Seldom have the Crusaders wobbled as much as they did in the 20-minute period either side of halftime that effectively put the Blues on the road to an emphatic 35-24 Vodacom Super Rugby win over their fierce rivals at Eden Park in Auckland on Friday.
The Blues scored 26 unanswered points in a period of about a quarter-of-an-hour to snuff out Crusaders hopes, which would have been riding high for most of the early parts of the game. Indeed, when the Blues’ purple patch started, they were trailing 17-3 and looked out of it, so you could say that this was one of the more startling comebacks that Super Rugby has seen, if you consider how comfortable they were in the end.
Not that it is ever completely unexpected from the Blues, who are almost impossible to stop once they get into the mood and pick up momentum, which they did in this game. Several of the youngsters making their way in Super Rugby for the first time, such as wing Tevita Li and flyhalf Simon Hickey, led the charge.
The Crusaders, with their lineout dominant against a Blues unit that seemed incapable of doing anything right in that phase, looked to have the game well in hand as they headed into the 10-minute period before halftime. They scored the first try courtesy of some good interplay down the left flank that featured skipper Kieran Read and George Whitelock and eventually resulted in hooker Corey Flynn going over in the left corner just beyond the quarter-hour mark.
The Crusaders had to resist some early pressure, but the Blues were unable to sustain the intensity chiefly because of their inability to be consistent in the lineouts. The hosts did get their first opportunity to put points on the board when Hickey, a graduate of the New Zealand age-group teams who has a big reputation, lined up an easy attempt for his first three pointer at Super Rugby level.
However, the Crusaders were impressing with some strong hand offs to sweeps up-field, and the pressure on the Blues was translated into penalties conceded. Tom Taylor kicked one of them to make it 10-3 but he missed one a few minutes later. He was also short with a kick early in the game so, while not as bad as the previous week, the Crusaders were still well short of perfect in the place-kicking department.
Some might have thought the Crusaders had wrapped the game up when, from a five-metre scrum in front of the posts, the visitors sowed just enough confusion in the Blues’ defence to send fullback Colin Slade in untouched for the try. There was some debate about the try. The Blues appealed, and not completely without justification, to the referee that one of their centres had been taken out without the ball to create the gap through which Slade made his way for the score.
At 17-3 it looked as though the Crusaders had justified their pre-match status as favourites. With 10 minutes to go to the break, it looked like they would be able to enjoy half time with a comfortable lead. Perhaps that was what they were thinking too, for they fell asleep in that period, and a two-try burst from the wings changed the whole complexion of the match.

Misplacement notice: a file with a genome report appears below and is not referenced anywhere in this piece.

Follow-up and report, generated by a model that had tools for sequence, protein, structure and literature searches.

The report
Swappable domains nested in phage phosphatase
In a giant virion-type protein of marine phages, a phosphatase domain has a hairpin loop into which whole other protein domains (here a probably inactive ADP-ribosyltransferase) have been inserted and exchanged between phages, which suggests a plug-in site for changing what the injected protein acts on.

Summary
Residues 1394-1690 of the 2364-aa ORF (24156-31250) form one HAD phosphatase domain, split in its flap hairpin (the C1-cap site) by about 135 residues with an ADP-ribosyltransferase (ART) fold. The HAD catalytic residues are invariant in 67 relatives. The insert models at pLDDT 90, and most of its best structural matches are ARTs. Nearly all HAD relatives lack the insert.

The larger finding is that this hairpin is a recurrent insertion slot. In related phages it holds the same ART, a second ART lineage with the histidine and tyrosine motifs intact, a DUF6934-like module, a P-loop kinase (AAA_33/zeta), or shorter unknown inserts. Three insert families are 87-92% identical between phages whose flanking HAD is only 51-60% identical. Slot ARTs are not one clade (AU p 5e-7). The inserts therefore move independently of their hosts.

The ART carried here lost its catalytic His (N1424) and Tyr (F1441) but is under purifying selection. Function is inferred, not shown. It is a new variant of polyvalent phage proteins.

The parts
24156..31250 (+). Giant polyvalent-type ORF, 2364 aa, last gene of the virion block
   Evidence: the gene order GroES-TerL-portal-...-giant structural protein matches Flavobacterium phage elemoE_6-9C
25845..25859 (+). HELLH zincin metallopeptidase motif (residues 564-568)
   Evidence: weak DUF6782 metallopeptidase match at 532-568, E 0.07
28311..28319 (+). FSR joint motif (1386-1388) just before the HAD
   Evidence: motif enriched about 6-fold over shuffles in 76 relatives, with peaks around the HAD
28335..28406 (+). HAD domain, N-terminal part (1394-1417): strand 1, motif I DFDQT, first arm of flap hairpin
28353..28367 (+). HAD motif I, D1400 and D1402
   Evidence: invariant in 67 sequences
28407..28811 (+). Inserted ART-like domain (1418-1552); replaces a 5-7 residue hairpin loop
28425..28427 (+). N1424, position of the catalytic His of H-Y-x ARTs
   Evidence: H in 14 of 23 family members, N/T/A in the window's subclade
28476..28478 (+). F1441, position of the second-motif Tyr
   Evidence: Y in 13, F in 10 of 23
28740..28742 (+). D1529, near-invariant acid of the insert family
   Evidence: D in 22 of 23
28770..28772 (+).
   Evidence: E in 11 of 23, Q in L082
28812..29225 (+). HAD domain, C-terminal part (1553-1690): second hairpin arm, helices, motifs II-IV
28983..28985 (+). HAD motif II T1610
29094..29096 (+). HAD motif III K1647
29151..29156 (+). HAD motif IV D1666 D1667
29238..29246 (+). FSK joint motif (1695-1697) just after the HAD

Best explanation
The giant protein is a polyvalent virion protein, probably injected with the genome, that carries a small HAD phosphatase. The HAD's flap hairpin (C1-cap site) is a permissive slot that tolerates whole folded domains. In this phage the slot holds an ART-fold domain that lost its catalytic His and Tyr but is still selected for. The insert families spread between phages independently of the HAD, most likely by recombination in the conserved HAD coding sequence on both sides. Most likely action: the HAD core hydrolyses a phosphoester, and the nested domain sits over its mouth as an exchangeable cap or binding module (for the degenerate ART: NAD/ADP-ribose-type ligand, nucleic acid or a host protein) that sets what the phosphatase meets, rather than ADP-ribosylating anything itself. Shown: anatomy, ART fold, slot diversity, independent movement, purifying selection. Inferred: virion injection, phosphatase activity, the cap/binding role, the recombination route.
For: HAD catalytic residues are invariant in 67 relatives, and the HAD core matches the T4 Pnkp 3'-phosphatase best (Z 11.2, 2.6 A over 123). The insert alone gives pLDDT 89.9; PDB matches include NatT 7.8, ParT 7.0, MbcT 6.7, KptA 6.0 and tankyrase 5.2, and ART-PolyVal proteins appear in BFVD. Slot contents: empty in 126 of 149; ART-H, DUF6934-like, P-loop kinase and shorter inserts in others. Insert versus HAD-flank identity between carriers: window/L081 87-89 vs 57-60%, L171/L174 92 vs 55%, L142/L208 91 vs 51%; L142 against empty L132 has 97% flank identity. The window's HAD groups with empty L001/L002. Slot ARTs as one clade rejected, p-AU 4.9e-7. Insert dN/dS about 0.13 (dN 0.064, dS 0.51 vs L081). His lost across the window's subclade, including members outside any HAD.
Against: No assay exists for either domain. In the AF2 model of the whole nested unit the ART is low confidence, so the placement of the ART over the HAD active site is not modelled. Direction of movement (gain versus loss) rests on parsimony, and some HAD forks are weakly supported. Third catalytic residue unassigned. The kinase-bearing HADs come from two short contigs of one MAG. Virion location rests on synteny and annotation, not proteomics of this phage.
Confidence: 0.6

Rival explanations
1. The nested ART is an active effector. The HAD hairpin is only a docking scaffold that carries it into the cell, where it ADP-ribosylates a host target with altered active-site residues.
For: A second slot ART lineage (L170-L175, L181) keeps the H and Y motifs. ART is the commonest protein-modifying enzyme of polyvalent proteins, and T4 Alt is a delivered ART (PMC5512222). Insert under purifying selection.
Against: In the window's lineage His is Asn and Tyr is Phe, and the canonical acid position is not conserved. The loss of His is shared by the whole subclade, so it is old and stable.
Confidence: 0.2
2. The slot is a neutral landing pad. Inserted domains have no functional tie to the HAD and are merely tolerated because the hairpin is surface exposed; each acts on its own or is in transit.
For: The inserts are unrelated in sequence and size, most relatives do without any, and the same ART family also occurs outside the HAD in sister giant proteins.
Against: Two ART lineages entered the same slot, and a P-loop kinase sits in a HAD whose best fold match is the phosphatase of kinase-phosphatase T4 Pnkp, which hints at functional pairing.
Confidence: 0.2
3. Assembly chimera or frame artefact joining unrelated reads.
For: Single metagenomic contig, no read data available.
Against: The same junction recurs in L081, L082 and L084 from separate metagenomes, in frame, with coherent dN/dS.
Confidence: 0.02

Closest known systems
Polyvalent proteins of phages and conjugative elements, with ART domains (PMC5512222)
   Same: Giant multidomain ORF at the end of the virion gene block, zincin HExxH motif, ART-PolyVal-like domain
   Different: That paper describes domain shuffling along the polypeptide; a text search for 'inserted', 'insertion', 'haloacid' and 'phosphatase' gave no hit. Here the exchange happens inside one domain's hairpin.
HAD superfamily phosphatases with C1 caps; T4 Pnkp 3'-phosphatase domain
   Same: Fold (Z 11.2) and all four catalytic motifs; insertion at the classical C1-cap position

The first Blues try was the result of a good steal at a recycle from veteran lock Tom Donnelly, with right wing Frank Halai being presented with just enough space to build up momentum down the right flank. Halai stepped inside a despairing Richie McCaw to cross over for the try. Then, at the restart, the Crusaders ran the wrong line and Li was presented the ball from an off-load.
The left wing was challenged several times as he made his way up the touchline and, like Halai’s try just two minutes earlier, McCaw was the last would-be tackler that was made to look as if he wasn’t even there. The All Black skipper was a doubtful starter before the game and unsurprisingly he did not appear after halftime, with Matt Todd taking his place.
You could argue that the Crusaders team as a whole, who led 17-15 at the halfway point as Hickey missed the conversion of Li’s try, also never appeared after halftime. Almost from the restart Taylor dropped a ball, the Blues were in the Crusaders’ half, and then another mistake from the Crusaders, this time allowing the ball to bounce when there were two defenders who should have been able to deal with it, resulted in the Crusaders’ third try.
George Moala was on hand to pick up and score a try that suggested the two try burst from the wings before halftime had stunned the Crusaders. If it was a two-try wing burst before halftime that set the Blues on the comeback road, it was effectively a two-try burst from the centres that saw them build a handy lead.
It was Moala’s midfield partner, Jackson Willison, who followed up a clever little chip behind the Crusaders’ advancing defenders from Piri Weepu, near their tryline, and dotted down for the bonus point score and a 29-17 lead. At that stage there had been 26 unanswered points from the Blues, and it became 29 when Hickey later kicked a penalty to make it 32-24.
The Crusaders spent much of the last quarter on the attack but were unable to make anything of their territorial advantage other than a Ryan Crotty try off an excellent Taylor surge and pass that cut the deficit to eight points. That was with seven minutes to go, but any hopes the Crusaders had of at least grabbing a bonus point were ended by a last minute Hickey penalty.
Given how well Hickey played it was a fitting way to finish and place the seal on a win that ends a seven-match Blues losing sequence. The Crusaders, with not even a bonus point to show from their opening two games, will consider next week’s clash with the DHL Stormers in Christchurch a must win.
Blues – Tries: Frank Halai, Tevita Li, George Moala, Jackson Willison . Conversions: Simon Hickey (3). Penalties: Simon Hickey (3).
Crusaders – Tries: Corey Flynn, Colin Slade, Ryan Crotty. Conversions: Tom Taylor (3). Penalty: Taylor.